Donald Trump and his lawyers have tried to repeatedly delay every investigation involving him. It does stand to reason that they have embraced this tactic, as when they have actually been in a court with a judge who isn’t in his pocket, he has lost, sometimes in an embarrassing fashion.

That trend continued this week.

First, the Supreme Court refused to hear his final appeal concerning his taxes and the House Ways and Means Committee. Trump now has to turn over those taxes to the committee. There is no other choice or option.

In another case, the 11th Circuit Court of Appeals shut down Team Trump as they try to retain the “Special Master” that Judge Cannon, a recent Trump appointee who initially granted that the Special Master could review and exclude documents at their will. She did it with a bizarre ruling that has gotten shredded by every other court and expert after a hearing that unusually blacked out the media from the courtroom.

Just about every legal expert expects Cannon’s court order to be revoked. Anyone who has listened to the audio recording of the hearing, even with no legal expertise, can hear how spurious his lawyer’s arguments are.

For those who didn’t, here are some highlights from

The logic of that panel decision requires the dismissal of the entire case every bit as much as it required the partial stay the panel then granted. And everyone in the courtroom today knows it. So as the judges settle into their blue-leather chairs behind the bench, there’s an air of ineluctability to the day’s proceedings.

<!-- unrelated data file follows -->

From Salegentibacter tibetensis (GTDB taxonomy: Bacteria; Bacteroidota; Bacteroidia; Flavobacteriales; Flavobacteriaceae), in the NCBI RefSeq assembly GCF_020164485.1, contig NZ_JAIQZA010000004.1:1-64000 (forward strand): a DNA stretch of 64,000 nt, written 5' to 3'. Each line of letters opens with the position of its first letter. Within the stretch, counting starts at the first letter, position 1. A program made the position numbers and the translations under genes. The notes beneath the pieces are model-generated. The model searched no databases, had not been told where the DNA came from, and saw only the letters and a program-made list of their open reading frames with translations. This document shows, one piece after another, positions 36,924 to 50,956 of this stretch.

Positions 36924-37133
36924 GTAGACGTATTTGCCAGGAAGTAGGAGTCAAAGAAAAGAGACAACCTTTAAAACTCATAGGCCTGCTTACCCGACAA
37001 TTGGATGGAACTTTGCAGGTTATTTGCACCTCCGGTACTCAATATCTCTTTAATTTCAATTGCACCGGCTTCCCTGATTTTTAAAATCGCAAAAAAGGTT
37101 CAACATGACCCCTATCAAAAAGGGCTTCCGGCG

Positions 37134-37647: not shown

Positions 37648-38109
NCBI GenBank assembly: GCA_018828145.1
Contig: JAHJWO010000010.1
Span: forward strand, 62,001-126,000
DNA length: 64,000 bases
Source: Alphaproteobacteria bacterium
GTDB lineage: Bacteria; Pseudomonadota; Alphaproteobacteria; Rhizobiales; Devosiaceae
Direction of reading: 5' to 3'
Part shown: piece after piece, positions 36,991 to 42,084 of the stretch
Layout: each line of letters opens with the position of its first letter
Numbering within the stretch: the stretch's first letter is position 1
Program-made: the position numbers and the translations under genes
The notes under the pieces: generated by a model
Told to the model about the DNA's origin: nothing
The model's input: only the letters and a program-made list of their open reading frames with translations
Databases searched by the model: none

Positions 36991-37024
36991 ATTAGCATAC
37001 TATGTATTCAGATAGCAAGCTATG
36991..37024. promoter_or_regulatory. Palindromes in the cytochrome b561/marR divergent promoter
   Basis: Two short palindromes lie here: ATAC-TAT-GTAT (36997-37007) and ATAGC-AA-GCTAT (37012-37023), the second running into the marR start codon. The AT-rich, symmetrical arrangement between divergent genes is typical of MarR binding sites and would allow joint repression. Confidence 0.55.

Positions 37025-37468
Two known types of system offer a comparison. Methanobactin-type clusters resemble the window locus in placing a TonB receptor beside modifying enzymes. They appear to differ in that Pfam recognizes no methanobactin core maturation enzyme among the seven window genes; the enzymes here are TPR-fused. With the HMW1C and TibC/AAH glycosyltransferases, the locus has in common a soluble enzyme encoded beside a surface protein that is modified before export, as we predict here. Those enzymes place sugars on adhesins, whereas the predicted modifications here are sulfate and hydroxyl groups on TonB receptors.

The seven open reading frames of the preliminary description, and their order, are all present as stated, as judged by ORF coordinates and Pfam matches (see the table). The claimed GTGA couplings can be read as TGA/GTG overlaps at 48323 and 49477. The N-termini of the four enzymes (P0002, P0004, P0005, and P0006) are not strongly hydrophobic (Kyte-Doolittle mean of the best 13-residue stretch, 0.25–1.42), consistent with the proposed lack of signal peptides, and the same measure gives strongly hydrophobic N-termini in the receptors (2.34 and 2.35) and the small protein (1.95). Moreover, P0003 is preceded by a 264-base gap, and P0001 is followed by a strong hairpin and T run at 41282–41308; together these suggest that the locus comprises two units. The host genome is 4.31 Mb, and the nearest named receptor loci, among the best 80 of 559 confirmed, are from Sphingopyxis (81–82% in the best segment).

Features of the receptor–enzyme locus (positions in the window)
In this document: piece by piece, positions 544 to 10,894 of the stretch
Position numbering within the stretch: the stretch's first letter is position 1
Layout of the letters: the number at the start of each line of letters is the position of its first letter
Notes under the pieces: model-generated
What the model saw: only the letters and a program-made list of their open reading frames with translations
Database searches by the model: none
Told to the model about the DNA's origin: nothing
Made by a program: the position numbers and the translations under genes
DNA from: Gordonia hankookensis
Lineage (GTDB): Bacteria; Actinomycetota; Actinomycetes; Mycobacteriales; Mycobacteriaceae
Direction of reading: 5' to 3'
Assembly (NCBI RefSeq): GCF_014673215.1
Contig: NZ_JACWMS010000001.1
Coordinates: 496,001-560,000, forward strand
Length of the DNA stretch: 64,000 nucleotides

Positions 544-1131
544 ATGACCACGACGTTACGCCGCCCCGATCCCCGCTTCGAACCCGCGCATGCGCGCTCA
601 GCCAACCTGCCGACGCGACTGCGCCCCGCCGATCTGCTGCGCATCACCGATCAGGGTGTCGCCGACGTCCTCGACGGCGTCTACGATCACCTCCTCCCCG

Chief Judge Pryor kicks things off by inviting the Justice Department to argue the merits of its appeal. At this, Sopan Joshi, an assistant solicitor general, hurries to the lectern. His colleagues–Jay Bratt, Julie Edelstein, Sophia Brill, and Juan Antonio Gonzalez–look on from their seats at a table on the left side of the courtroom.

Calling the district court’s decision an “extraordinary judicial intrusion,” Joshi announces that Cannon’s order to enjoin the Justice Department from reviewing materials seized at Mar-a-Lago should be reversed for three reasons. First, he argues, Cannon should not have exercised the court’s “equitable” or “anomalous” jurisdiction to entertain Trump’s request in the first place. The controlling case, Richey v. Smith, articulated a four-factor test for exercising equitable jurisdiction in challenges to searches pre-indictment. As the panel already held in the earlier case, Trump met none of them.

Second, he contends, Trump failed to prove one of the required elements a plaintiff must show to receive an injunction: likelihood of success on the merits.

Finally, Joshi urges, Trump has not and cannot demonstrate another necessary element for injunctive relief: that he will suffer “irreparable injury” in absence of the injunction.

As Joshi turns to expound on the jurisdictional argument, Pryor interjects: “Is there any precedent for exercising equitable jurisdiction where there is no showing that the seizure was unlawful?”

Joshi, answering in the negative, asserts that the Justice Department has not been able to identify such a case. He stresses that the exercise of anomalous jurisdiction is supposed to be “rare” and “extraordinary.” That is why, he says, Eleventh Circuit precedent has cabined its exercise to circumstances in which the government’s seizure of property displays “callous disregard” for the plaintiff’s constitutional rights.